Technology is constantly evolving, and methods aimed at bettering life are always being introduced, created and updated. This is never more true than right now, when technologies aimed at eliminating drunk driving are right on the horizon. But is everyone excited about this new step towards a DUI-free future? And is there a chance it may be less than ideal?
New technology, which has been under development for several years now, would allow a vehicle to sense if it’s driver is drunk before they put anyone at risk. The system, called Driver Alcohol Detection System for Safety (DADSS), uses dual sensors located inside the vehicle to detect a person’s blood alcohol count.
One sensor – the breath-based sensor, detects the alcohol molecules present in the driver’s breath. The second sensor, which is the touch-based sensor, uses infrared tissue spectroscopy which measures the intensity of the light particles absorbed by alcohol. Together they work to narrow down the driver’s blood alcohol content. If the driver’s BAC exceeds the limit prescribed by the law, the car will automatically shut down.
In 2015 the National Highway Traffic Safety Administration unveiled a prototype car which comes equipped with this new technology. Created in concert with the Automotive Coalition for Traffic Safety, the technology allows researchers to test driver interaction with the system. The plan, they say, is to test and develop this technology over the next five years, so that it can be ready for incorporation into standardized vehicles by 2020.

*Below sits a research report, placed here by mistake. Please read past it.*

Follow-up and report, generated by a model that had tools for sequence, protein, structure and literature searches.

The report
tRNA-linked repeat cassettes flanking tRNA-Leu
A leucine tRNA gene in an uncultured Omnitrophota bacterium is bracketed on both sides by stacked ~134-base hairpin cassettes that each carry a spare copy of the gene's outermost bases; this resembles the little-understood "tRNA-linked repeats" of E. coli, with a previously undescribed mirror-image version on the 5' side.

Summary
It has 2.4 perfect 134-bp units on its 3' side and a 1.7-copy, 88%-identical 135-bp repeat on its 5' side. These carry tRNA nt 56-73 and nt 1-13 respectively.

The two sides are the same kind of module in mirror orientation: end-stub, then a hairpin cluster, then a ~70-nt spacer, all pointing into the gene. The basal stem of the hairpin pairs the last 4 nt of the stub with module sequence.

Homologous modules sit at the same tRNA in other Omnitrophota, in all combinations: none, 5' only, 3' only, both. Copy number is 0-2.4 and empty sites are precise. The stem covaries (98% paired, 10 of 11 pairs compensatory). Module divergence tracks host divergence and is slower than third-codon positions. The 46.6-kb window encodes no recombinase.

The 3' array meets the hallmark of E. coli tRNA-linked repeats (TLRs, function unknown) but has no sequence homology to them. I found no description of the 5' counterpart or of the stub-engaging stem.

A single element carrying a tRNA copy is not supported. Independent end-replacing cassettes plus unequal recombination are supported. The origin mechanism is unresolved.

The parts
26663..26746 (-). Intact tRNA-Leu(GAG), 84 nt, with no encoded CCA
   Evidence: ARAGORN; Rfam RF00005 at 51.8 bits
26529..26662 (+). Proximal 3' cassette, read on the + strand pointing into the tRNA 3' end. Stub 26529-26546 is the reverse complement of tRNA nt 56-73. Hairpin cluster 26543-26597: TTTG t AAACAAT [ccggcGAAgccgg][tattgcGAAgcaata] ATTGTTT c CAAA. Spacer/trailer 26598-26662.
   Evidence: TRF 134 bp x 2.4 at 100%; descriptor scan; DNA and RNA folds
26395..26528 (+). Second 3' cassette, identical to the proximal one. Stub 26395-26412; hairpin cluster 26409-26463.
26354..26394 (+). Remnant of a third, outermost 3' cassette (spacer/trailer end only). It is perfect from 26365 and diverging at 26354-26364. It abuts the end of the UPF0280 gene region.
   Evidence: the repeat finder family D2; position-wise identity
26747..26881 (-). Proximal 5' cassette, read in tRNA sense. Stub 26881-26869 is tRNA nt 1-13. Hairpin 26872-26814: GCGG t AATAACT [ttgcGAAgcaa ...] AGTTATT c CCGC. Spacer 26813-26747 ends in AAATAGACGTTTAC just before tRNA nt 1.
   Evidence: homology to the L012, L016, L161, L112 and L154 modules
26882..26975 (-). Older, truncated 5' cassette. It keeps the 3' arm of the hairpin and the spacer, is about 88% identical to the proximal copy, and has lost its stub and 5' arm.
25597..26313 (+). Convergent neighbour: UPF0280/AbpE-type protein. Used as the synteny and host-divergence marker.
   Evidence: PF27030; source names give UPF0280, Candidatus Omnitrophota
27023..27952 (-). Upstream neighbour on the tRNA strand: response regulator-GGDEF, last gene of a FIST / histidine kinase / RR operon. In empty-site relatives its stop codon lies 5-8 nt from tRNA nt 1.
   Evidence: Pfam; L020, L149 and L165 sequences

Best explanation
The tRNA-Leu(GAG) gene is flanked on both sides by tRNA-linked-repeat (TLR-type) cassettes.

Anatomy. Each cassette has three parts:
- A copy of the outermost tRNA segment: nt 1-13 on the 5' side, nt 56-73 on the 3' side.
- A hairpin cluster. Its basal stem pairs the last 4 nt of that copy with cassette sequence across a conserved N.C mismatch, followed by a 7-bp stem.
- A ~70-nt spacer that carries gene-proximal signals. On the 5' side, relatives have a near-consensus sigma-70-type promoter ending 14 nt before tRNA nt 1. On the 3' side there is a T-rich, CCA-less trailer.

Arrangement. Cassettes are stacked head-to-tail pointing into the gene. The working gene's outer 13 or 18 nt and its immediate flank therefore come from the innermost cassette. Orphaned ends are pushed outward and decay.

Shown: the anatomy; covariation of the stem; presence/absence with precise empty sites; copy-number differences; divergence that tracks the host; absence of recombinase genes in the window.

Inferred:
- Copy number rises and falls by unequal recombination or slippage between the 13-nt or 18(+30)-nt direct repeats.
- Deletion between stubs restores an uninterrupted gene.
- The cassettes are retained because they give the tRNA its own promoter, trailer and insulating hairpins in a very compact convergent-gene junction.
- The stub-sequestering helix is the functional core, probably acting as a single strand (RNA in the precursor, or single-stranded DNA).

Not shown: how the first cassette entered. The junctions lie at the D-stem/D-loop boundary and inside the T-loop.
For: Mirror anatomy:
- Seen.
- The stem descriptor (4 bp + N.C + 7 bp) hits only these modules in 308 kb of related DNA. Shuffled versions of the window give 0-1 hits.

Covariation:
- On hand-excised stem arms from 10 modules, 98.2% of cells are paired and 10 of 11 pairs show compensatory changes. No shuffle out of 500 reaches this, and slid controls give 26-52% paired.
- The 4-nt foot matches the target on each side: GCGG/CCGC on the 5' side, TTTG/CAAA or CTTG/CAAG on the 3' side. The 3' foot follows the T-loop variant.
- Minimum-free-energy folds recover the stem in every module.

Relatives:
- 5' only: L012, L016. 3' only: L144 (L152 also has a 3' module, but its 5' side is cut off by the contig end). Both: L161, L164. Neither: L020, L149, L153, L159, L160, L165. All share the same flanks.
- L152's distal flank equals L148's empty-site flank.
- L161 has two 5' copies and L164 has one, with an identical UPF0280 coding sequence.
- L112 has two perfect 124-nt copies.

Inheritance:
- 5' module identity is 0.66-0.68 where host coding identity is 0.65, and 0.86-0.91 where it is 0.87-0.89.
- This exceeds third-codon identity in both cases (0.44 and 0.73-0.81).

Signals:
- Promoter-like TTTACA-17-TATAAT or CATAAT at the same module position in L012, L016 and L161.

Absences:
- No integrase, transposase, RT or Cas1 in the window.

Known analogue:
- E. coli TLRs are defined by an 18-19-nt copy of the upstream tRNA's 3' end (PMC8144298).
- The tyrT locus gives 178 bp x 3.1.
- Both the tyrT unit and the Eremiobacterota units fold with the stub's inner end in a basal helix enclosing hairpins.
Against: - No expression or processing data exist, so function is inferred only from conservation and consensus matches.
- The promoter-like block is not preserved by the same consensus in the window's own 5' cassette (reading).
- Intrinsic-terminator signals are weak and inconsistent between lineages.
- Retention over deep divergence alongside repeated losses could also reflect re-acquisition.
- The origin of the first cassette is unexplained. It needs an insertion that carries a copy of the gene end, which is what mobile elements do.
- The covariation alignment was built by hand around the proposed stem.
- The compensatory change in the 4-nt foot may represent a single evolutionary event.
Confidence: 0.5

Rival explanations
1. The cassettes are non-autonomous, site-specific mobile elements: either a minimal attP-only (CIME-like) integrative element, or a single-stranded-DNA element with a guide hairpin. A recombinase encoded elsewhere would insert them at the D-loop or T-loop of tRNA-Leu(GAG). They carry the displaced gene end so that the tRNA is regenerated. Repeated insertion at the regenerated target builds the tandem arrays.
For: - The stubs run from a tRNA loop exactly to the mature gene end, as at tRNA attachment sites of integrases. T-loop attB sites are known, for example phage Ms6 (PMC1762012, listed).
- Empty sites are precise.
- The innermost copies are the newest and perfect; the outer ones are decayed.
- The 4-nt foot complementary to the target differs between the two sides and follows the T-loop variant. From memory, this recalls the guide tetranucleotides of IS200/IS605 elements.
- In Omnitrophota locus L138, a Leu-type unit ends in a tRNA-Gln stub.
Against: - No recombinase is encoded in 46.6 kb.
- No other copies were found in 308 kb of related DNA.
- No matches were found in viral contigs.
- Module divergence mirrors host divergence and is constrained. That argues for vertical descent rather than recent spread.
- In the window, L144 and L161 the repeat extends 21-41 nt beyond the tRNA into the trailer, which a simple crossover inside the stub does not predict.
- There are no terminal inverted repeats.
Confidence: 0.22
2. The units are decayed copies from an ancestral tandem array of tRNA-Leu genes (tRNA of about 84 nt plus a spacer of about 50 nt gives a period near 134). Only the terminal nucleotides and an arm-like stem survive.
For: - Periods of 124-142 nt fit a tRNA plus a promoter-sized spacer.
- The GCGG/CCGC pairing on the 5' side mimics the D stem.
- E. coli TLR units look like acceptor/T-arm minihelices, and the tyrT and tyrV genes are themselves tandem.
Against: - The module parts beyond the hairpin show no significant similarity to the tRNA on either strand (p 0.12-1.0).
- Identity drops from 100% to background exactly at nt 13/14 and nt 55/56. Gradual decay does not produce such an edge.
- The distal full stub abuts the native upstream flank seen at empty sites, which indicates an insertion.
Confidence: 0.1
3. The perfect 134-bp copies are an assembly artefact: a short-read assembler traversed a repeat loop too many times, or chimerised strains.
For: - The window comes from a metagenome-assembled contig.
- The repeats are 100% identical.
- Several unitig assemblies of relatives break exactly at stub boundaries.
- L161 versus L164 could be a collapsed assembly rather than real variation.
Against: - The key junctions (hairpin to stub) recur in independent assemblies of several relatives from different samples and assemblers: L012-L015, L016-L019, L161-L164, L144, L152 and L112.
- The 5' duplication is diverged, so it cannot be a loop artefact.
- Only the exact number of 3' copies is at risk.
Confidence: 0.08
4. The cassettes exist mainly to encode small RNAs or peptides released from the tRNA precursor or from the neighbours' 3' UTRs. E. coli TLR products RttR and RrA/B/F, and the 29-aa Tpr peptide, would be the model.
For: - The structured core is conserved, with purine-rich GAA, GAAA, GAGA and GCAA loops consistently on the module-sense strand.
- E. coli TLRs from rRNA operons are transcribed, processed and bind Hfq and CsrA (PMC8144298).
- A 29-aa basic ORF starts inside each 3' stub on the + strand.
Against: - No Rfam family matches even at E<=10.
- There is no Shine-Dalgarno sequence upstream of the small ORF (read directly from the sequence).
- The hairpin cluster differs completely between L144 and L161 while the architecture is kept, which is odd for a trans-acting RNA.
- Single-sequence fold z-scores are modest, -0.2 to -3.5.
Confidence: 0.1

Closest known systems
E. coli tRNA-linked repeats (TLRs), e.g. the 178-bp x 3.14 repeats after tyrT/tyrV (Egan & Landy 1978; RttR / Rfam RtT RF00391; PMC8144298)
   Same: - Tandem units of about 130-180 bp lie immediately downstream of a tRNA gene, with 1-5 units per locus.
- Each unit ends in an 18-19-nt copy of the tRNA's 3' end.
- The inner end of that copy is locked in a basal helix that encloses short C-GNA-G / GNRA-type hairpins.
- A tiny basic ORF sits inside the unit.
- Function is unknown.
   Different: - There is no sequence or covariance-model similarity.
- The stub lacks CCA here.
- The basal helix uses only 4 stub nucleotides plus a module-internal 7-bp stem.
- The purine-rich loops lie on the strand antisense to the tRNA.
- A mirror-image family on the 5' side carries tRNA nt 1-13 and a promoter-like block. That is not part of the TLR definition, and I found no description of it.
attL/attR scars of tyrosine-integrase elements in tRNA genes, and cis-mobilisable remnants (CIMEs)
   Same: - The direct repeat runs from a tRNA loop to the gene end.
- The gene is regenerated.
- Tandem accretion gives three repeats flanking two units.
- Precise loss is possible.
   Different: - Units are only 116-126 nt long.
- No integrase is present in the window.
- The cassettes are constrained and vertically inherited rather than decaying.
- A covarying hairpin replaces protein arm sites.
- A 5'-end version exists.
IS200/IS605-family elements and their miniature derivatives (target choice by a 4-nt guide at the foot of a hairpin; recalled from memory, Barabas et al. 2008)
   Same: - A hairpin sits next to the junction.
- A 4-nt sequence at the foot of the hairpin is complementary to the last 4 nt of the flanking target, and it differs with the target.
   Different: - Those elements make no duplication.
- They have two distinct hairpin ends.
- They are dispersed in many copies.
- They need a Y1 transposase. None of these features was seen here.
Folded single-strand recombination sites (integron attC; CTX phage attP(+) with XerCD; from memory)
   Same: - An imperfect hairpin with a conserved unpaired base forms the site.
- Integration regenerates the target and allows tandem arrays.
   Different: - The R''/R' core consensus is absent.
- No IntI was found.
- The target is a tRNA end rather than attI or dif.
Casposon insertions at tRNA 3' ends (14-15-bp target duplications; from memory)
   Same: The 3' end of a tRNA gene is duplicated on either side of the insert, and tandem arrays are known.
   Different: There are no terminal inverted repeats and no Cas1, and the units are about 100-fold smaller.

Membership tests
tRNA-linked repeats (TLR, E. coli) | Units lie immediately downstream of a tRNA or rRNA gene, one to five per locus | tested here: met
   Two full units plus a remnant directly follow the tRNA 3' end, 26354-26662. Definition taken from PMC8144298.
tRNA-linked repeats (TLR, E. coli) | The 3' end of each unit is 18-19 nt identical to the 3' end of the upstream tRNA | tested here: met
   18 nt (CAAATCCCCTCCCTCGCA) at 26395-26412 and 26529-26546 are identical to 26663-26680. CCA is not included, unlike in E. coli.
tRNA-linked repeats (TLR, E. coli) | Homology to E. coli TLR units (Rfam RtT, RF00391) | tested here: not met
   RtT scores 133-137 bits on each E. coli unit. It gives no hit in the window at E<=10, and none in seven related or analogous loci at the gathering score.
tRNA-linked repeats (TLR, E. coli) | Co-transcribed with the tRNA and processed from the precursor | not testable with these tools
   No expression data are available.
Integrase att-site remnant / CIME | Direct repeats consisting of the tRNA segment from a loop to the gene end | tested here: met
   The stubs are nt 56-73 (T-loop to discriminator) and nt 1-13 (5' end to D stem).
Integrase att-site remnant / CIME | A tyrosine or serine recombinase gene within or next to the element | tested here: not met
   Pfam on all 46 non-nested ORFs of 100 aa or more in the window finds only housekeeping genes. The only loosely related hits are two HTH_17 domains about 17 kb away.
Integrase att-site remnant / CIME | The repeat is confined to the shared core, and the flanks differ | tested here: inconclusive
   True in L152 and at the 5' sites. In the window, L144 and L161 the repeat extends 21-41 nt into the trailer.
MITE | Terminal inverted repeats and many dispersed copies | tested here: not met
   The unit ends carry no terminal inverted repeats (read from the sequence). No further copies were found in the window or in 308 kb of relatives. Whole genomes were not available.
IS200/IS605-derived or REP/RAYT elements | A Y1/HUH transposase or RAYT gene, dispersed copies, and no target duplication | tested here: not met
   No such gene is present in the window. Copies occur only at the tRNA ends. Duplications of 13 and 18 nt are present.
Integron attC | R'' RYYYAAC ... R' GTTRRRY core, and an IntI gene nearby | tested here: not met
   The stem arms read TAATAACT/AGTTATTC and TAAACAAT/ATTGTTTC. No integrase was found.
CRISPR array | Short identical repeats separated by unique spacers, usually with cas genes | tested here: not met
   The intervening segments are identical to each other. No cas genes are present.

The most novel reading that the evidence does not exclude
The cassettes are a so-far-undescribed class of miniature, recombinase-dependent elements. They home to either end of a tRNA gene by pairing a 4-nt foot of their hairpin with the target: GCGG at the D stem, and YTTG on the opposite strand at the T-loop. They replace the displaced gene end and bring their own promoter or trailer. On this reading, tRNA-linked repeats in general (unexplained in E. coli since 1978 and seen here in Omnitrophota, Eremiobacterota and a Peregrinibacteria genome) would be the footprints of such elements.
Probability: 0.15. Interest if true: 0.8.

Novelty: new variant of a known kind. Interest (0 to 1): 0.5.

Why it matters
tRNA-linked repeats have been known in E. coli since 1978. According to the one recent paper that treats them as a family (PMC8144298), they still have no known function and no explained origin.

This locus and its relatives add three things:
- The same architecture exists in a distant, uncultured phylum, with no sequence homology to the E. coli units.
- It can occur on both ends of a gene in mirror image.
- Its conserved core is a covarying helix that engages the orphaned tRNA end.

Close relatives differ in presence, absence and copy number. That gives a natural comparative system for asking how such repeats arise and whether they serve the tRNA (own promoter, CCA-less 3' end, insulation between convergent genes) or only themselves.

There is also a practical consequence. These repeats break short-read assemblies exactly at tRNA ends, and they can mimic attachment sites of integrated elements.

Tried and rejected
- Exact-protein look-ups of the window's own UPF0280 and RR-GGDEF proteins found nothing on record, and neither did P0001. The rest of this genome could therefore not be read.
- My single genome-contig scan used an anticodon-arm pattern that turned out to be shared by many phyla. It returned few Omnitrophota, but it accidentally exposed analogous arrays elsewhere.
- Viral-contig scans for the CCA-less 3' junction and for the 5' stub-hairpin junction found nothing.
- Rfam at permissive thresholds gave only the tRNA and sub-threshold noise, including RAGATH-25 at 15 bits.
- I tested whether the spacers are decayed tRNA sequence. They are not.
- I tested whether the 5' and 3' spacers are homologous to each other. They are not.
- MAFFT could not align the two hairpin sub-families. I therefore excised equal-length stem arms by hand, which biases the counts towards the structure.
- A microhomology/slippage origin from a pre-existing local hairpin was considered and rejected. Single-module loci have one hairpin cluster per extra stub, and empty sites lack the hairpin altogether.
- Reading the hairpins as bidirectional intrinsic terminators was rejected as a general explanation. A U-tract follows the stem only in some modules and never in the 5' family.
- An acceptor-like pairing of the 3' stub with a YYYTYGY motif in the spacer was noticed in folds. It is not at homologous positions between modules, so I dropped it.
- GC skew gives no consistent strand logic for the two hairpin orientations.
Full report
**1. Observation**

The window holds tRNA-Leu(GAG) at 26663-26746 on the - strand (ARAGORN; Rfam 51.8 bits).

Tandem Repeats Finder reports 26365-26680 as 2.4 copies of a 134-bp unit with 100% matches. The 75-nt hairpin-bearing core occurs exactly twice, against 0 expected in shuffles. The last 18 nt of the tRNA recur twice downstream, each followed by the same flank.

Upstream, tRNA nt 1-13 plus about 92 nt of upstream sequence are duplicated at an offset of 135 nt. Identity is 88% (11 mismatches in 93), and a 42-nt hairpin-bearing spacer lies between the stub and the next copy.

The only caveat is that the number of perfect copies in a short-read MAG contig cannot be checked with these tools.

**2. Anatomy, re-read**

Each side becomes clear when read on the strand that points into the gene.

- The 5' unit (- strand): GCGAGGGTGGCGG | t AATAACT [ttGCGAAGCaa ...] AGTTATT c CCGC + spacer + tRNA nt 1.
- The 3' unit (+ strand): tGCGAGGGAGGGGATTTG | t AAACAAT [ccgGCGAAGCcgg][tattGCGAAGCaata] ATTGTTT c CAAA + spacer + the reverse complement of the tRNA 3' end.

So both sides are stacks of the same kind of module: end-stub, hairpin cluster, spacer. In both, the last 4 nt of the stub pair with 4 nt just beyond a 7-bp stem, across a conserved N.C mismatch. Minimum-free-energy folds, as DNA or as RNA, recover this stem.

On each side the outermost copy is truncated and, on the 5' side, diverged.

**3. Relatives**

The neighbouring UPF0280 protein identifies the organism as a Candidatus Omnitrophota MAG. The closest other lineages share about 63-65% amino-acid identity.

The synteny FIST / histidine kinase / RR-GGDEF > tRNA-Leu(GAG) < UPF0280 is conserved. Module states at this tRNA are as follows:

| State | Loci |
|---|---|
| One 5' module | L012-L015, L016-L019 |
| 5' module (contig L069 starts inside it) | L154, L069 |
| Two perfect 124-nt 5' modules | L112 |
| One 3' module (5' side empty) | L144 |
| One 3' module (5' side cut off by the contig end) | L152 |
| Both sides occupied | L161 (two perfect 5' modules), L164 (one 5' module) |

Features that the inventors behind this tech plan to include would be a programmable “zero tolerance” setting for teen drivers. This would make it impossible for the car to start if there is even a trace of alcohol in the driver’s system. This way, parents can feel safe when handing their keys to their teenage son or daughter. Currently, human subject testing is underway at McLean Hospital Behavioral Psychopharmacology Research Laboratory.
Would a “smart car” help us save lives and eliminate DUI arrests?
According to the NHTSA, about 28 people die every single day around the country as a result of drunk driving. That amounts to a staggering 10,000 or more people every year. Could this new technology stop these tragic deaths? Perhaps reduce the number of drunk driving accidents in our future? Save lives in Michigan and elsewhere? Possibly.
However, while many people, including the NHTSA, the U.S. Department of Transportation and members of Congress, are excited about this development, some people are unsure. Will already expensive newer cars be even pricier with this new technology? What happens if the technology malfunctions and sober drivers are stuck with cars that don’t start every time? How much will this tech inside new vehicles change the cost of basic maintenance?
Those aren’t the only questions. What about designated driver situations? Does the presence of a non-driving drunk person in the vehicle, whose breath could be detected by the sensor, increase the risk of the vehicle refusing to start for a sober designated driver? Only time will tell whether or not this technology is as accurate, and as ethical, as early reports are claiming.
Perhaps, there is a future in store for us, where DUIs are a thing of the past, and no more lives are lost to drunk driving accidents. Maybe we’ll colonize the moon, cure cancer, and heal the holes in the ozone layer. Who knows? But until then, if you or a loved one need help with a drunk driving charge here in Michigan, The Kronzek Firm is here to help you. Our skilled DUI defense attorneys have spent decades defending people against OWI and DUI charges right here in Michigan with great results. We can help you too!